- On all practical issues of state-to-state relations between the GDR and the PR China, it is still required to coordinate all actions with the USSR and the socialist fraternal countries. The principle of reciprocity with the Chinese side is then to be followed, when the planned measures are corresponding in content and scope with those of the close fraternal countries. This applies in particular also to concrete steps in the area of foreign-economic trade and scientific-technological relations.


- The provocative attacks by the Chinese leadership on the cooperation between the fraternal countries in the context of Comecon and the Warsaw Treaty Organization is to be decisively rebuffed. Thereby the efforts of the Maoists are to be unmasked to utilize these slanders for the undermining of the unity of the fraternal countries, and also for creating a “smokescreen” for the growing Chinese rapprochement with imperialism.


- Special attention is to be directed to the attempts of the Chinese leaders to “fill the vacuum” in the context of the U.S. withdrawal from Indochina. The DRV is to be supported in every respect in the solidification of its national independence and the augmentation of its authority in Indochina and in the world.


- The collectively agreed measures are to be implemented pertaining to the preparation and organization of the 5th Conference of Non-Aligned States in Colombo in 1976. Those measures are supposed to serve the purpose of increasing the influence of the socialist world system on the movement of non-aligned states and their solidification as an anti-imperialist force; also to counter Beijing’s attempts to infiltrate this movement and exploit it for its great-power objectives.


- The hostile statements of the Chinese representatives against the socialist states in the international organizations, including the United Nations, and in social movements are to be rebuffed in principle and with powerful evidence. The policy of Beijing’s leaders is to be actively umasked in the international organizations; the representatives of the developing countries are to be encouraged to apply criticism of Beijing’s destructive and anti-socialist positions.


- The harmfulness of the policy of the Maoists towards the developing countries and vis-a-vis capitalist countries is to be unmasked and actively explained. Here the focus needs to be directed at unmasking the Maoist chauvinism, the hostility towards foreigners inflamed in China, the expansionism of Maoist policy, the war preparations, and Beijing’s diversionary activities against the neighboring states. Emphasis has to be given to the thesis that Maoist China is dangerous to all states, notwithstanding their social order, and that Maoism is representing the threat of war.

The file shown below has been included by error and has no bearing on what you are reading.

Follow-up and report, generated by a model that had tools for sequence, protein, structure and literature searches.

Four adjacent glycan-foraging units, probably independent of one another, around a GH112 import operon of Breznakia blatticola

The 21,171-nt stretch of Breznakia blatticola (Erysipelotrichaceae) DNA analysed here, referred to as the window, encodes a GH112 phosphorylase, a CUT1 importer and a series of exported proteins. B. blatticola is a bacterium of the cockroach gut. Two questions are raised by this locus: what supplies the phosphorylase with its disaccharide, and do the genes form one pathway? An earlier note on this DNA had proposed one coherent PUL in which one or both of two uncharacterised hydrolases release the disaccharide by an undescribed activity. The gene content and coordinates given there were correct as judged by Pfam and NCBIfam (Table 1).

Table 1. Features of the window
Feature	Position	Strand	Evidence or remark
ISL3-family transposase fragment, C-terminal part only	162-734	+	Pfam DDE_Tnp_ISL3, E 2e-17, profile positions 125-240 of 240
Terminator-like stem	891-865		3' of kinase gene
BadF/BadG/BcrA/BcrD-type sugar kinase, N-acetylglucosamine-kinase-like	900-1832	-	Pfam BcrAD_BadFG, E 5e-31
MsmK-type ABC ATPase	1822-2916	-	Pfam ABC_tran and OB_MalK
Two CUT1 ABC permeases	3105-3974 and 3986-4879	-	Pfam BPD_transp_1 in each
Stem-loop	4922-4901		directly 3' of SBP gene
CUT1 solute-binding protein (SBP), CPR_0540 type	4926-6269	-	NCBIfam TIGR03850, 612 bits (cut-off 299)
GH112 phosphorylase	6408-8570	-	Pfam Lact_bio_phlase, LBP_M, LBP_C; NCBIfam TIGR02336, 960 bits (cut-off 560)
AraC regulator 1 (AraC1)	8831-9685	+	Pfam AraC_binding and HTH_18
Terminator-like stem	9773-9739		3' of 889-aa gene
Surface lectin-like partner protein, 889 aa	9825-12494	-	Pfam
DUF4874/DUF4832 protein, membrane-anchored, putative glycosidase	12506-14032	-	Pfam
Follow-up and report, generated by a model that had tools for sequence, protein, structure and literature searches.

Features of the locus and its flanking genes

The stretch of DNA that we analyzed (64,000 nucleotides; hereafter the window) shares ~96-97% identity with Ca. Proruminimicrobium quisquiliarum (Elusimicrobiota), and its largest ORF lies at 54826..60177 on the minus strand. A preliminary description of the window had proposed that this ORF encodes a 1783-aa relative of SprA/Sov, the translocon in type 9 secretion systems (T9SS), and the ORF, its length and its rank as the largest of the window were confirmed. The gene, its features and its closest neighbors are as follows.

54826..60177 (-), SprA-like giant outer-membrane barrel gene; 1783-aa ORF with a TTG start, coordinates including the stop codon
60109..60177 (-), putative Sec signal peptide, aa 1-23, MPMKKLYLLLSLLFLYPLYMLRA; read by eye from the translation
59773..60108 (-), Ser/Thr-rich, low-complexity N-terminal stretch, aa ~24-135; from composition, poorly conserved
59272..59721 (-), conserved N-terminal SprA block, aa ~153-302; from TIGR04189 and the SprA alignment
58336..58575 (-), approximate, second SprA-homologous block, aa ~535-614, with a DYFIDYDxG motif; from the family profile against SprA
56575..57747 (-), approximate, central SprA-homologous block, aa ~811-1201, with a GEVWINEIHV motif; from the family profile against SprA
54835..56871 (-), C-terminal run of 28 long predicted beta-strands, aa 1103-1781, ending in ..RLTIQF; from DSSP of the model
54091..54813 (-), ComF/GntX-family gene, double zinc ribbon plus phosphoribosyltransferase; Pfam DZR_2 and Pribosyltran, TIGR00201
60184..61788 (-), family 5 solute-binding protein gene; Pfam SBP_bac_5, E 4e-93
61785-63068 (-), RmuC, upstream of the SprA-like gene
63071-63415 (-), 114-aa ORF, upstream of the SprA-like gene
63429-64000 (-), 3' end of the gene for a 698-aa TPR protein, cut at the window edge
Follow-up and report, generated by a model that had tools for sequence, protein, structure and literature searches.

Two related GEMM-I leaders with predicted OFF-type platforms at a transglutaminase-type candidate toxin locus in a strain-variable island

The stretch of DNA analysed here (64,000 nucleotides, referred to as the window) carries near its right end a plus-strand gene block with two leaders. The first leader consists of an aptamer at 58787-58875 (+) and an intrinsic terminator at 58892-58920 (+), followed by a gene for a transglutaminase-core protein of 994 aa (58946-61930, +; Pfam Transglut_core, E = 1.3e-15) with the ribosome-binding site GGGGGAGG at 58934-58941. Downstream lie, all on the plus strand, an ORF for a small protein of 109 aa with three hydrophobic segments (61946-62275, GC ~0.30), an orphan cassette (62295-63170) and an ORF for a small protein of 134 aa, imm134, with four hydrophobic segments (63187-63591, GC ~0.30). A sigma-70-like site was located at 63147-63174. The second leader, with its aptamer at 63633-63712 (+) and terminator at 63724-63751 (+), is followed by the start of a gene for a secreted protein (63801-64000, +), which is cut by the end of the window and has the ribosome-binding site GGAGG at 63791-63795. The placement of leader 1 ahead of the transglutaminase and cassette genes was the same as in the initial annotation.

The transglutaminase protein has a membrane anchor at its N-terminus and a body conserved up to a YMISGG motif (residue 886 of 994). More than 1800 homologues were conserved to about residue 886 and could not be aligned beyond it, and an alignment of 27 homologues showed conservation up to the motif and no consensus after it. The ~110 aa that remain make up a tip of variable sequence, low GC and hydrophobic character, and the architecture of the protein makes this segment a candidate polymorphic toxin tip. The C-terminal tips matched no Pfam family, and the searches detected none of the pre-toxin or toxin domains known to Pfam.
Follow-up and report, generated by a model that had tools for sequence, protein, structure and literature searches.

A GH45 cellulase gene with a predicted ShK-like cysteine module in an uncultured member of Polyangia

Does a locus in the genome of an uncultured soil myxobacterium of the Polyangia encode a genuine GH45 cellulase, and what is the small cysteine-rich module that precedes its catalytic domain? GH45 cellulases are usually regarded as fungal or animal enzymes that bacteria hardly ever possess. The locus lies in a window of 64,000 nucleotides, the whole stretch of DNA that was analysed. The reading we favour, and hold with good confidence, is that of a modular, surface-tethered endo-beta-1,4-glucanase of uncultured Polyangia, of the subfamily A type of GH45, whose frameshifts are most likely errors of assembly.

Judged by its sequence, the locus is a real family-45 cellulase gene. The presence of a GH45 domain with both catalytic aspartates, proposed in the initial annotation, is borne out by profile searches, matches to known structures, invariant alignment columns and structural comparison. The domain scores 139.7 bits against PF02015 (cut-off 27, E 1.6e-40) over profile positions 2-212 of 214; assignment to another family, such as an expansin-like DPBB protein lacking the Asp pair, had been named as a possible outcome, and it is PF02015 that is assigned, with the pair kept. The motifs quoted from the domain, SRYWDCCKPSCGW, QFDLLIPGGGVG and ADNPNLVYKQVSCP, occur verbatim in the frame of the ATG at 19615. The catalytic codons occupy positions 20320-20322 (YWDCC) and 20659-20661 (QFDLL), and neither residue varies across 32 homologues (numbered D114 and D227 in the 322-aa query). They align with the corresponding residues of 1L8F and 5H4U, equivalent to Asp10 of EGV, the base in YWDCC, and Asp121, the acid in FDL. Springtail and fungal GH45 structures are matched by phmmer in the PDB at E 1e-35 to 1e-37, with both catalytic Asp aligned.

- To be unmasked have to be steps by the Maoists aiming at the gradual establishment of a military-political alliance with anti-socialist, anti-Soviet thrust under participation of China and leading imperialist countries: to be umasked have to be the purpose and objectives of establishing official relations between the PR China and the European Economic Community, the contacts with NATO, and China’s behavior in the context of preparations for a Chinese-Japanese treaty.


- It has to be demonstrated to the developing countries that Chinese policy is a danger to their national interests, and that this policy is directed against the economic, social, and cultural progress of these countries; the speculative character of the PR China’s economic aid has to be shown (the PRC is fulfilling its obligations only to 35 to 40 percent); intentions of the Chinese leaders have to be explained concerning how to gain the leadership in the “Third World” and to turn it into an instrument of China’s hegemonic plans; to be unmasked have to be Beijing’s complicities with neo-colonialism and the damaging effect of the Maoists’ attempts to disturb the collaboration of the developing countries with the socialist world.





It is required, when drafting according advice for argumentation, that all state organs with contacts to Chinese representatives are constantly reporting about these contacts to the Ministry of Foreign Affairs. 


A report by the East German Ministry of Foreign Affairs, discussing the shifting anti-Socialist and anti-Soviet attitudes amongst Chinese leadership. The majority of focus is given to China's military and foreign policy, specifically their efforts to strengthen military capabilities and their claims to territories held by neighboring states.

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PA AA, MfAA, C 295/73. Translated by Bernd Schaefer.